10 years of a web pages life

A  lot changes in 10 years.  For a web sites it is the amount of data you can now send to the reader – remember those squawky modems? Can you imagine the time it took to send through a photo that filled your screen? Nope, because you had to give up after half an hour of waiting. How about the resolution of your screen (how much you could fit in it), let alone that tablets didn’t really exist in any numbers and don’t even talk about standard cell phones showing pages.

Māori Sports Awards haven’t updated their web site for over that long and were long past the need to update.

 OLD SITE (small on screen, few images, lots and lots of menus grown over the years)

 old monitorNEW SITE


MSA-web-new3bThe biggest change is responsive websites – to be able to automatically resize depending on screen or device, to be able to work with desktops, tablets (both landscape and portrait) and be able to resize to mobile phone screens for easy reading and navigation.  When this web site first went live the average screen resolution was 800×600 pixels, it’s now 1366×768, followed by 1920×1080. BUT it still has to be readable on smaller screens, it has to work with tablets that change orientation AND most important of all it now has to play nicely with your phone’s display.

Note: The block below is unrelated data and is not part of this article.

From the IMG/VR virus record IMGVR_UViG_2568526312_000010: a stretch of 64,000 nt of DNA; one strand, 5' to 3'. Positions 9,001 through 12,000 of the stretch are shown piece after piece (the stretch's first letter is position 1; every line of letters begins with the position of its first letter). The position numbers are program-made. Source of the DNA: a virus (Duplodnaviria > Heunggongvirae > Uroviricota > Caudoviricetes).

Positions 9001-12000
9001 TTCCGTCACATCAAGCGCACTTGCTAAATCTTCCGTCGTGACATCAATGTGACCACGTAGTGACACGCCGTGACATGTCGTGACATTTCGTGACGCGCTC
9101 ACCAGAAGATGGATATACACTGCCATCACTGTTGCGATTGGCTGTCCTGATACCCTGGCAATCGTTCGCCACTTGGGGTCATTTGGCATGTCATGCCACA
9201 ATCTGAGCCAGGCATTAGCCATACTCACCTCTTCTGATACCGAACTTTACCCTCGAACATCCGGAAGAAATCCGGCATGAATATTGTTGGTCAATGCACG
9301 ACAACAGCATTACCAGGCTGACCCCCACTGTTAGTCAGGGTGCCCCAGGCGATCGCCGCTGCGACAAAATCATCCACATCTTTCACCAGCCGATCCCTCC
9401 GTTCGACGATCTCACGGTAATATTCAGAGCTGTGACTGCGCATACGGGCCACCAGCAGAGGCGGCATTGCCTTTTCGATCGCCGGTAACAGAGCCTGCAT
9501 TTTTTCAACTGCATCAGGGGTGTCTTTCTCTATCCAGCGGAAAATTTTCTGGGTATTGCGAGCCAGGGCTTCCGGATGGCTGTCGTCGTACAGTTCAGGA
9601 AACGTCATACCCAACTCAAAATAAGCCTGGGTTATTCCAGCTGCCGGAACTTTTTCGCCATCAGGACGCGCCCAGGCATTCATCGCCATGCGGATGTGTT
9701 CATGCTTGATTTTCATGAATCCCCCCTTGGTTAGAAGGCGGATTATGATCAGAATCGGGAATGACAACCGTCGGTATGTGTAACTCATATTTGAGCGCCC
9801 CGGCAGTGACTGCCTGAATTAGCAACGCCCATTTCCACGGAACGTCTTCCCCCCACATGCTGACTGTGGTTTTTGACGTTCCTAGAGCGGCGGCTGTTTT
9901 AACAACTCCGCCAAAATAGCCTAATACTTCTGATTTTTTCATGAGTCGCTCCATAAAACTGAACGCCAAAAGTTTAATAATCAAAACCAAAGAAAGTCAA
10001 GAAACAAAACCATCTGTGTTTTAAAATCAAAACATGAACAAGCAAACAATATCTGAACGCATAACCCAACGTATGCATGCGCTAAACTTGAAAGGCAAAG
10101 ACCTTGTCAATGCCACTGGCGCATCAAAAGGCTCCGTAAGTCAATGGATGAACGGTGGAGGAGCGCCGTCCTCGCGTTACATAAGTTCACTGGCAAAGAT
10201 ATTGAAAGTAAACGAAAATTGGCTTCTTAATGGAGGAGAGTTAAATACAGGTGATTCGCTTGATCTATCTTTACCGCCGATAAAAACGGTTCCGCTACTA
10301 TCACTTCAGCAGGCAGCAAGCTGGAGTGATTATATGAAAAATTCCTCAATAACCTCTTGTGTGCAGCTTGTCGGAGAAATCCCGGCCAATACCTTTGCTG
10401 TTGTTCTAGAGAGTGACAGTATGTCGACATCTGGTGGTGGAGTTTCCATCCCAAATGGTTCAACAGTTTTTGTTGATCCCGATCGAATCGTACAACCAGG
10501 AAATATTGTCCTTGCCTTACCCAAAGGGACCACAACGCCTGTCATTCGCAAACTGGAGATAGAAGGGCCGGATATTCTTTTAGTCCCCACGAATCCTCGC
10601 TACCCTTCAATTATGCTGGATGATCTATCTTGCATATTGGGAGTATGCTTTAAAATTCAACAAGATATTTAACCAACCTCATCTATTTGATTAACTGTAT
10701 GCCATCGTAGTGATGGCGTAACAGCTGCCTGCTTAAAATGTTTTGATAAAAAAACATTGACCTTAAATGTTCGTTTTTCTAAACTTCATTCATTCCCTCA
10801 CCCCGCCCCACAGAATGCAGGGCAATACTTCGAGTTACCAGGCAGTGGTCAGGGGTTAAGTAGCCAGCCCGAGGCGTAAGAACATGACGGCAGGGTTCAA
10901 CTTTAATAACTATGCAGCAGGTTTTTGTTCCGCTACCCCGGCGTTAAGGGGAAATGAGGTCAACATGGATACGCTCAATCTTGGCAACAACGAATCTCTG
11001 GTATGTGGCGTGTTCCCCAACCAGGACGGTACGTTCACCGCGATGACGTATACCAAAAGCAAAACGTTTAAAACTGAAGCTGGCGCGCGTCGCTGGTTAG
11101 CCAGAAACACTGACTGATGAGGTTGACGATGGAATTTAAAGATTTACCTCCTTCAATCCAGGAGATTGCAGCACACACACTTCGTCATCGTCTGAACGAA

We have now moved away from static pages, like a printed brochure. Data is king, we need to be able to reshuffle both the order and the content, to present it in just the right way for each individuals need.

SEO (search engine optimisation) – the ability to have your content correctly found quickly on search sites like Google. Basically web marketing.  If you cannot be easily found then people will not even look at the great stuff on your site.

How about some social network integration?  We need to able to easily show our friends and colleagues interesting pages through Facebook, Twitter, Google+, LinkedIn.

Web sites are growing, it’s harder and harder to run a large site by yourself, time to share the load with easily with your team.  You need integrated tools to share the load, statistics that mean something, flexibility to change on the fly without having to redesign the complete site.

The most important aspect in this update was bringing across the mass of historical information (lists, photos, videos, etc) and presenting it in a way that is easy to view.